plowing regime. How current resources are deployed,
     not whether they are available
    should be the first question.  
    Tracking the deployment, routes, and operations of the trucks would be a start. Doing so is affordable and common, even for many small businesses already. It would provide a clear picture of how many hours the trucks are deployed and might snow the real cost of not plowing initially. It would create a record that could be reviewed by an expert and hopefully set the groundwork for showing when and where city street trucks are plowing, sanding, and sweeping to allow residents to move their vehicles to help improve results. 

    Increasing transparency at the city overall will take longer but is long overdue. While it will be resisted by some management at the city, it will help the public follow and contribute to a better run city, allow commissioners to be more effective, and-hopefully-lead to more acceptance by some executive staff of the commission's role to bring forth ideas to improve services in our community. 

    The truck driver did an excellent job here but it was
    nearly a full week after the storm and they did not have
     the time or direction to come back for other streets
    leaving berms that damaged cars and endangered
    my neighbors who had to get out and help. If not
    been parked on the curb, one still has to shovel since
    plowing doesn't get close to the curb even on a 2nd pass.
    Why were only one or two trucks out the weekend before
    a holiday? Not everyone can, nor should have to afford,
    studded tires and all-wheel drive to get around town.  Not
    during the storm obviously, but why can't drivers come back
    and clear some streets so they are safer for months to come?
    There are always going to be challenges to snow removal based on weather, varied conditions across town, and resource constraints. However, this service, in particular, seems to have declined despite a "restructuring" of Public Works to include more admin, market-based pay increases, and utility rate increases well above inflation.  Further, we seemingly have a workforce of competent drivers on standby that can even be increased if needed and such need is acknowledged. Snow management in our winter climate is a good place find a positive approach to find a way to do things better. Something management, our commission, and our community can be proud of.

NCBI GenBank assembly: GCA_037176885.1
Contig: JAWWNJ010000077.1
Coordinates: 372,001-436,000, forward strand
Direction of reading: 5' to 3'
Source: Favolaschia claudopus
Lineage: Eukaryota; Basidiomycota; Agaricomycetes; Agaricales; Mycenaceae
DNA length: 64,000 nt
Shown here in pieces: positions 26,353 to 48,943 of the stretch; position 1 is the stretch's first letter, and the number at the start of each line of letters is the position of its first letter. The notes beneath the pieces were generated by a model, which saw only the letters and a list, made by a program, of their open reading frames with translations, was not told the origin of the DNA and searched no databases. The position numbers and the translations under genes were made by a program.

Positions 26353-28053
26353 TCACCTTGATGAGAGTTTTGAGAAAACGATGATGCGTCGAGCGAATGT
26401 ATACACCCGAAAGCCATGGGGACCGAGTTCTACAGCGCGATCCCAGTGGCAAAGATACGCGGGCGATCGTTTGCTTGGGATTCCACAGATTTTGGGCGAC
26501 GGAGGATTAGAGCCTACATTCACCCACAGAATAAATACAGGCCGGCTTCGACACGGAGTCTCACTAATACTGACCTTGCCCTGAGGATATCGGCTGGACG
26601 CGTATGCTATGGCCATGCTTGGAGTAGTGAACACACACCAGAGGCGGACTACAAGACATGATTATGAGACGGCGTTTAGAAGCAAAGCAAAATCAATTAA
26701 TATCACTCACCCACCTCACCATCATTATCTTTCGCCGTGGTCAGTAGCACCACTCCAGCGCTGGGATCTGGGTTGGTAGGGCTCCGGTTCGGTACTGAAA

Matt E.

    Matt Elsaesser


    Helena, MT

    Priest River, ID. Go Spartans!
    A small town in North Idaho that plows snow from the sidewalks into the street and then plows all snow to the center of the street in the downtown and near schools. Contractors remove the snow later per a pre-arranged contract. Wouldn't something like this be better than having individuals with shovels or light-duty plows on ATV's fighting snow placed by a heavy vehicle or our bus system having to hire private parties to clear bus stops after city plows go by? 

    Thursday, December 14, 2017

    Thankful for Helena's Railroad Quiet Zone, the new Benton Crossing, and the fiscally responsible governance that afforded this investment in safety.

    Next Tuesday, December 19th, Helena's Railroad Quiet Zone will take effect thanks to safety improvements at rail crossings throughout Helena. Engineers will continue to sound train horns anytime as needed for safety, but the requirement to sound horns at every crossing will be eliminated. This investment is fiscally responsible, supports quality of life throughout Helena, and includes a major safety improvement with an accessible pedestrian crossing at Benton Avenue along Centennial Trail and near city parks, the Bill Roberts Golf Course, and the Sunhaven Neighborhood. (The medians at other crossing prevent persons from intentionally driving around the crossing arms.) 

    The new crossing at Benton Avenue included a flashing beacon activated by users. 
    The reduction in noise for residents near the railroad tracks is dramatic, as shown in the following images from a 2011 feasibility study by Kadrmas, Lee & Jackson linked here.
    Current situation not including the substation portions of town impacted by train horns Doppler Effect. Image from this report.  

    Noise from train horns in Helena after a quiet zone is implemented. Image from this report.

    While I personally have rarely lost sleep due to train horns, I heard from who do Helenans across town and across the political spectrum while I served on the City Commission. Whether or not one falls into this category or not, there is another reason to be proud of your City Commission for advancing this investment. Most of the funds for the safety improvements came from a tax settlement that would have otherwise been directed to fund a new parks building and offices at the Bill Roberts Golf Course to the tune of 3 million dollars according to Helena's Comprehensive Capital Improvement Fund (CCIP). The funds, outlined here, instead went to the purchase of a large existing warehouse that meets the parks department's needs for office and warehouse space at much less cost, is in a better location, and provides additional space for several other departmentsThese funds also provided the cash to match a federal grant to purchase two new fire trucks and started a new program to fund solars panels for Helena residents. 

    Going forward, there is more to do to improve the quiet zone. A wayside horn should be installed at National alongside additional safety improvements for pedestrian, both items the Railroad Tax Increment Finance District can explore. The City of Helena and our public works should approach the railroad about finding a more creative solution at the Roberts Crossing where a spur line prevents a more affordable median to prevent folks from driving around the crossing arms. A removable median for the spur and/or relocating the entrance to the yard might be a lower cost option than a direction horn. 

    Thanks to the actions by a majority of your city commissioners, many Helena residents will soon sleep better and families can now safely cross Benton Avenue near the tracks.  $1.89 million dollars that could have gone to just one new building instead was leveraged for safety improvements near rail crossings, new firetrucks, and smart use of an existing warehouse costing 40% less than a new building and serving many city departments.